Fourth draft of my project proposal for VA 401-402
Here is the booklet I designed for the subject of key events in the history of computing. Made for my advanced typography class, VA 424, originally derived from the subject of a course I had taken in the Spring term of 2007-2008, Murat Germen‘s VA 210, introduction to multimedia. Here are some of the sample pages from the booklet (click on them to view larger) and you could download the whole PDF from here
So here is the more detailed version of my project proposal that I have posted on my drupal blog created for VA 401-402 (which is my senior year project studio course). I will try update my wordpress blog about the project too, since I don’t really like posting on drupal yet. Here is the link for the more detailed proposal (which is still incomplete at the moment)
I’m really not sure where this will go, but the first homework from VA 302, my new Project Studio course, is making 8 grid layouts as a proposal for the menu left over from the VA 301 course.
So, while doing these I realized I use a very strict grid, which is not something I really like, but I am not sure how being random will be suitable for the Çubuk Chinese restaurant menu, so I tried to use the grid instead of breaking away.
I was mainly influenced by Chinese screens and screen doors, so some of these might seem too simple, but that was deliberate. My favorite is the 3rd from the top on the left side, because that was my – in my opinion – most successful attempt in making something that could be used in a menu, applies to the grid, has clear hierarchy and moreover has a look like a Chinese screen.
First from the top:
The most simple layout I made. The middle square has the most hierarchy, so the most important food – like main dishes – would have to be written there. The left and right panel have more or less the same importance. The upper and lower rectangles are meant for photographs of delicious-looking dishes of Chinese food.
Second from top:
I initially thought this like a featured specials page because it looks quite simple and will only require photo and text of the specials that are recommended by the chef with their slightly lowered price. The page is promptly divided in three to feature appetizers, main dishes and desserts seperately.
Third from top:
Thought as the main page of the menu – I mentioned this above. Normally the eye traces a menu from the middle, then top right, and later left, so I think this should contain most of the information on the menu. Main courses smack in the middle, upper right noodles and rice, below that menus and desserts, left side appetizers, soup and so on.
I thought this page as a menu and beverages page, the checkered-like part could contain one photo that is only visible from where the boxes are, or individual photos of menus, right side contains different menus. The left side would be a long list of beverages.
First from the top:
Photo – text page. Each box which contain a pair of horizontal or a pair of verticals have one box of text and one box of photography. I think illustrations will do better, because considering this is a menu, the group of text will signify a group of food.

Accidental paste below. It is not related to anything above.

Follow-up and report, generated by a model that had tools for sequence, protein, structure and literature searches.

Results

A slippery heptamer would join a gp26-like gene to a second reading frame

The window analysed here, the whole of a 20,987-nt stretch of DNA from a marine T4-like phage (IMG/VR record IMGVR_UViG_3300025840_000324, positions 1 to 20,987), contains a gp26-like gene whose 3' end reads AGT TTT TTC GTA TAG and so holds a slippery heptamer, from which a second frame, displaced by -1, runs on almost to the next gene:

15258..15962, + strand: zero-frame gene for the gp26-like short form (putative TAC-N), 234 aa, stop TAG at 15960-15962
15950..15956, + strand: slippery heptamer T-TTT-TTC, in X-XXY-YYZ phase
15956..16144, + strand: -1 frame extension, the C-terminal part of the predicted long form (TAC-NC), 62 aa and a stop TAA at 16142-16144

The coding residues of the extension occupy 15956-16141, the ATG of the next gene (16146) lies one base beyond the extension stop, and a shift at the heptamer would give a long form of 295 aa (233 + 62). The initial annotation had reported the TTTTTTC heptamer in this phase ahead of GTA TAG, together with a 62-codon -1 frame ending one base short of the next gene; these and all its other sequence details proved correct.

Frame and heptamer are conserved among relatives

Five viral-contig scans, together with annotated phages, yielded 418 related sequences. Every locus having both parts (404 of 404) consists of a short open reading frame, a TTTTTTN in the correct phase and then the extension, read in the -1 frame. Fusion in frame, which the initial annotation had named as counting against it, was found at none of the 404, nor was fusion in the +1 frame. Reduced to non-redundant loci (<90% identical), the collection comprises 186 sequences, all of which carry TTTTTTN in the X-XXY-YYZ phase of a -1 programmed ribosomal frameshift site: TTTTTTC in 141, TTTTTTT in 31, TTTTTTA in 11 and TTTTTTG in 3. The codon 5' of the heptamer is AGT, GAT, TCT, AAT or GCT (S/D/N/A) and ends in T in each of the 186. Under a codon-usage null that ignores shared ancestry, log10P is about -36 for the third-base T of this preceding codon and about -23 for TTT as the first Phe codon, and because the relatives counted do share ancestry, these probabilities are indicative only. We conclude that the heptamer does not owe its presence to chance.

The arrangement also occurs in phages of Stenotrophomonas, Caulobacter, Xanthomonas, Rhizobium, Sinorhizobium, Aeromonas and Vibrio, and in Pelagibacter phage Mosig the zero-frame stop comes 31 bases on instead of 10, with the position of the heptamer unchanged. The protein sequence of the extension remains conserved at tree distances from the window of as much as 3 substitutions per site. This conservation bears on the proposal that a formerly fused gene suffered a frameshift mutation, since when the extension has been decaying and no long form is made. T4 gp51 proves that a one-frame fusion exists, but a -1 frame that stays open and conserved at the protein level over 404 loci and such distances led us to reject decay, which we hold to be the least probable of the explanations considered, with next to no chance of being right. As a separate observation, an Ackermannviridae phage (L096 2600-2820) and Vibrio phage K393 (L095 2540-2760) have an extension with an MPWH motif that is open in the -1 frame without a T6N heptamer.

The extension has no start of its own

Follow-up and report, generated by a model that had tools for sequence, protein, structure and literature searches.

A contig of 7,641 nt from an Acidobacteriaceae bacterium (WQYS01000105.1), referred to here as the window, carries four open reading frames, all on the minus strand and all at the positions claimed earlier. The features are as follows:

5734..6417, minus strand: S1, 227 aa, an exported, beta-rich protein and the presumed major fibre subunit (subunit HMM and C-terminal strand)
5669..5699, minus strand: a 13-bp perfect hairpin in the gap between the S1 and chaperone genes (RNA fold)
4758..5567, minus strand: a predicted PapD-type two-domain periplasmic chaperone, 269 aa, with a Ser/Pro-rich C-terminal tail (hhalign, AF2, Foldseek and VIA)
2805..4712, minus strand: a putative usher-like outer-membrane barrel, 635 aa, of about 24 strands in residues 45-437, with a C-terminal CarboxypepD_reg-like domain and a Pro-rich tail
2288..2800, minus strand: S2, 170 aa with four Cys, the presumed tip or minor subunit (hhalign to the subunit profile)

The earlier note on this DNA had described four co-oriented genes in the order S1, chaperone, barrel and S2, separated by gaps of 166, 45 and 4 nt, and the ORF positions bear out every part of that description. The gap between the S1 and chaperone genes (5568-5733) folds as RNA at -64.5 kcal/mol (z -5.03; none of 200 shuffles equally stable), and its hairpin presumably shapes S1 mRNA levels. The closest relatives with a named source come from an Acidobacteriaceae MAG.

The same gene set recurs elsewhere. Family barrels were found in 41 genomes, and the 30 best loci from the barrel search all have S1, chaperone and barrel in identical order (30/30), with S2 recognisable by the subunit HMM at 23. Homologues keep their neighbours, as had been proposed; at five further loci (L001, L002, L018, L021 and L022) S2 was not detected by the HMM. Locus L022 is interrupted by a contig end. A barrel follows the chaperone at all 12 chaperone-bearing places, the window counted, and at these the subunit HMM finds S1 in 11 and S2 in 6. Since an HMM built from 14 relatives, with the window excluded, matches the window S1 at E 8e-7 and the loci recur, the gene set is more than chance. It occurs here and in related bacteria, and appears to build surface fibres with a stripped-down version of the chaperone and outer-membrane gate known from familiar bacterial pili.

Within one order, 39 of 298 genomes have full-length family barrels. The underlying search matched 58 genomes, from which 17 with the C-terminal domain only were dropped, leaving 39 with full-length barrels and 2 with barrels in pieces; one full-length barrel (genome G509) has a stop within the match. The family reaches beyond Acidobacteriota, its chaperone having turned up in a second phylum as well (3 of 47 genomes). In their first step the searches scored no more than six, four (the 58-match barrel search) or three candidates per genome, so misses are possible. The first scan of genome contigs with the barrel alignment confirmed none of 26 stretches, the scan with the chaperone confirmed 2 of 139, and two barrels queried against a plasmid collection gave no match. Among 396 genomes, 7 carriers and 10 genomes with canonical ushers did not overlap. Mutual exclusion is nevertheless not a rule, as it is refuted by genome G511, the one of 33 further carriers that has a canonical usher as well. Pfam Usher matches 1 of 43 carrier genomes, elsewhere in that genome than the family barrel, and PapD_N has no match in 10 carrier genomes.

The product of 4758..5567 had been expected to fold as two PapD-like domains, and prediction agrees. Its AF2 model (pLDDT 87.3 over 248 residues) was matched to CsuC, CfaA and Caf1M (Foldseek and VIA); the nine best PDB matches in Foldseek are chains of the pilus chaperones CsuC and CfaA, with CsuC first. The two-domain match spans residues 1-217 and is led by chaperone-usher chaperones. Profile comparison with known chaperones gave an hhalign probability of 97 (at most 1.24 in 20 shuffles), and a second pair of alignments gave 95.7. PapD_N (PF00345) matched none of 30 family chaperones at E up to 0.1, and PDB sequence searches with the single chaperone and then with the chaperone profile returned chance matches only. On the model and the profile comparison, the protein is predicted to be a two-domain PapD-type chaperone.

Second from top:
This is a more flexible layout since it has both square and rectangle parts. The four squares on the upper right side should contain photography so that the eye trail would linger on them before moving to the upper middle part.
Third from top:
Simplistic layout for take-out menu. Looks more friendly because of the space between the elements. Critical information such as address and telephone numbers should be on the bottom right where the emphasis is maximized.
Thought exactly like the second from top on the right side, but with chunkier boxes of text.
They say that seeing and looking have entirely different meanings. You might at first agree and continue on, but if you do so then you miss the big picture. What exactly does one see when you look at a simple wooden door? I used to see faces and horses on the door of one of the old wardrobes at home when I was about four. So why do simple things evoke something that is entirely different than the initial? We do associate simple shapes or patches of a spilt juice to things quite distinct. Yesterday in class (VA 301 – Project Studio I), we watched a short documentary about Adrian Frutiger, a renowned typeface designer, and in some part of the documentary it was shown how Frutiger transmits something out of nature into artwork with simple black and white shapes. I think it might be one of the best ways of understanding how somebody sees while looking.
Patterns like Frutiger’s, of course, are very simple to understand because you somehow know what the shapes talk about. However, if the question “what do you see when you look at this?” is also asked in a psychologists’ room, while a Rorschach test is taking place. Think about it, some person who shows you a bunch of pictures can tell what kind of the person you are deep inside if they listen to what you associate the pictures to. So why not try getting to know yourself better in the first place? I say we should keep associating things with each other, putting aside our grown-up minds once in a while, like that one time you lay back and gazed at the clouds, saying that the one on the right looked like a bunny. Because I think that is the only way we will keep seeing what we look at.